Maintain Your Car’s Leather Upholstery

by Don Elliott on December 6, 2011

Do you find yourself wishing your car’s interior looked as new as it did when you first bought it? There are many things you can do to maintain your car’s interior. If your car has leather upholstery, you may wish it looked as soft and beautiful as it previously looked. Your leather upholstery needs gentle care to maintain its quality appearance. Regular cleaning and conditioning will prevent premature aging, cracks, and loss of color. Leather upholstery maintenance is not difficult when using the right products and on a regular schedule.

Leather is the seat covering of choice for many high end vehicles, SUVs, and sports cars. Cowhide is used in almost all of today’s vehicles. The hide itself is dyed (sorry, no red or blue cows on the planet!), and then a surface finish is applied. The surface coating protects the leather upholstery from wear, soiling, and the sun.

Surface finishes are most often urethane products that have to remain flexible and permeable to match the benefits of the underlying leather. All car leather surfaces are not the same. The right maintenance products for your car may be available from your new car dealer. You may also need to test some products out before finding the best one for your leather upholstery.

Clean all the leather surfaces to remove dirt and grit. Several leather cleaners are available at car dealerships, auto parts stores, and through quality detailing shops. The cleaner should be free of silicone oils, waxes, and petroleum solvents. Wipe down all of the surfaces to open up the pores of the leather.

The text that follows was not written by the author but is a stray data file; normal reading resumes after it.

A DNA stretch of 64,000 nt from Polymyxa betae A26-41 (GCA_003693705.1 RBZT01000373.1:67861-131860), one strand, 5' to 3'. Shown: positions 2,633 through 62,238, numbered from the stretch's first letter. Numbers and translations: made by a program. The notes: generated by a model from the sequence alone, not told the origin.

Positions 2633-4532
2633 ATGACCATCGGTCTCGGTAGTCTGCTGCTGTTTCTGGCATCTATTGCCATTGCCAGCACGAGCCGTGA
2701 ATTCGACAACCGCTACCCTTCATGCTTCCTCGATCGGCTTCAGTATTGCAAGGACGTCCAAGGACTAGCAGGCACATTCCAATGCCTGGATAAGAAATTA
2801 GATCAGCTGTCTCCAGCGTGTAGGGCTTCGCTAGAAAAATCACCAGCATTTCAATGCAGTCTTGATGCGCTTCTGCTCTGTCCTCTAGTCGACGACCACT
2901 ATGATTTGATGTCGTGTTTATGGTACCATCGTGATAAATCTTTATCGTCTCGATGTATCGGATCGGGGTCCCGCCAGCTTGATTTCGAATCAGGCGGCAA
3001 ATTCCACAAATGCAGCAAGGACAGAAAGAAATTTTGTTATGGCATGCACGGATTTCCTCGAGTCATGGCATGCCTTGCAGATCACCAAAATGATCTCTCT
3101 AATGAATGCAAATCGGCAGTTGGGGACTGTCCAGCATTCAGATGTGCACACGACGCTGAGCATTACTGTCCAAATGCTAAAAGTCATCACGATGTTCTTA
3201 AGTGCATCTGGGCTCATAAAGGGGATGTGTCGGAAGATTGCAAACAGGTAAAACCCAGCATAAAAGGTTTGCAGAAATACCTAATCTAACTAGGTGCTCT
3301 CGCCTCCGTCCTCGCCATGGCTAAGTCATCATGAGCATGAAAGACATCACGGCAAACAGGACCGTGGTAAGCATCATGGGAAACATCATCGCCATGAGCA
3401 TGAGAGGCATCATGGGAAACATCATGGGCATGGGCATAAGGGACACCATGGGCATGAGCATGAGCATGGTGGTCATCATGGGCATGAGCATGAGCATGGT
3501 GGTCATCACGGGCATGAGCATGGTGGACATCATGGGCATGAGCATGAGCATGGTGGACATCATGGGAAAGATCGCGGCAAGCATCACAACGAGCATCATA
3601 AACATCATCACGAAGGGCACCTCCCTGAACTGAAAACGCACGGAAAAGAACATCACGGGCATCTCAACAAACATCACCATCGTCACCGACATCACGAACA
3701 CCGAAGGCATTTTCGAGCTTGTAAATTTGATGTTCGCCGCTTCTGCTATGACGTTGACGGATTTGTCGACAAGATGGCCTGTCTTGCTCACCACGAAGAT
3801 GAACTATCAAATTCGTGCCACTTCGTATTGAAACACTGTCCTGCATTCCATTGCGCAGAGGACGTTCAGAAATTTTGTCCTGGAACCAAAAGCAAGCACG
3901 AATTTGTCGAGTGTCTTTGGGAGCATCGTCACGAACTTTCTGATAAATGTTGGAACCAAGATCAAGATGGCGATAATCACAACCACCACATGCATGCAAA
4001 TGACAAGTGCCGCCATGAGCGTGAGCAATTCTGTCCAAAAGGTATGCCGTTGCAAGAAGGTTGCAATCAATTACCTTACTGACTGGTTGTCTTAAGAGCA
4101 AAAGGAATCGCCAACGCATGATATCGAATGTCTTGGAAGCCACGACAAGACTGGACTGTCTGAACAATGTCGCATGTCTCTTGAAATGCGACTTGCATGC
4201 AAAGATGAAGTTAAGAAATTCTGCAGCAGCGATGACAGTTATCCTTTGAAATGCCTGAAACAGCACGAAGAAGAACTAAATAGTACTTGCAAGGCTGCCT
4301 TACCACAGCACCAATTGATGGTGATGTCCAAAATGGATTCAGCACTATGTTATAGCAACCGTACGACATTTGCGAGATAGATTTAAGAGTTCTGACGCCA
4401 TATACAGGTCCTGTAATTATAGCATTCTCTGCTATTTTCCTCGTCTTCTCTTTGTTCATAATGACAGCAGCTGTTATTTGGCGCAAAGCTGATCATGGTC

Apply a quality water based leather conditioner that is pH-balanced and specifically made for automotive upholstery. Read the label. Avoid conditioners that include petroleum distillates and glossing agents. These surface applications provide a quick finish that can come off as a greasy smear on your clothes. Household cleaners are not the right product for your car’s leather surfaces.

Using a clean damp towel, wipe down all of the leather surfaces one more time to remove any excess conditioner. While water won’t hurt the leather, it is not necessary to soak the seats.

Keeping the leather upholstery clean and conditioned should be part of your car’s regular maintenance schedule. Leather is pretty tough stuff. However, a little extra care will help it to look better for a longer period of time. Whether you do it yourself, or have it done by a professional, your car’s leather upholstery will look almost as good as new with a little extra care.


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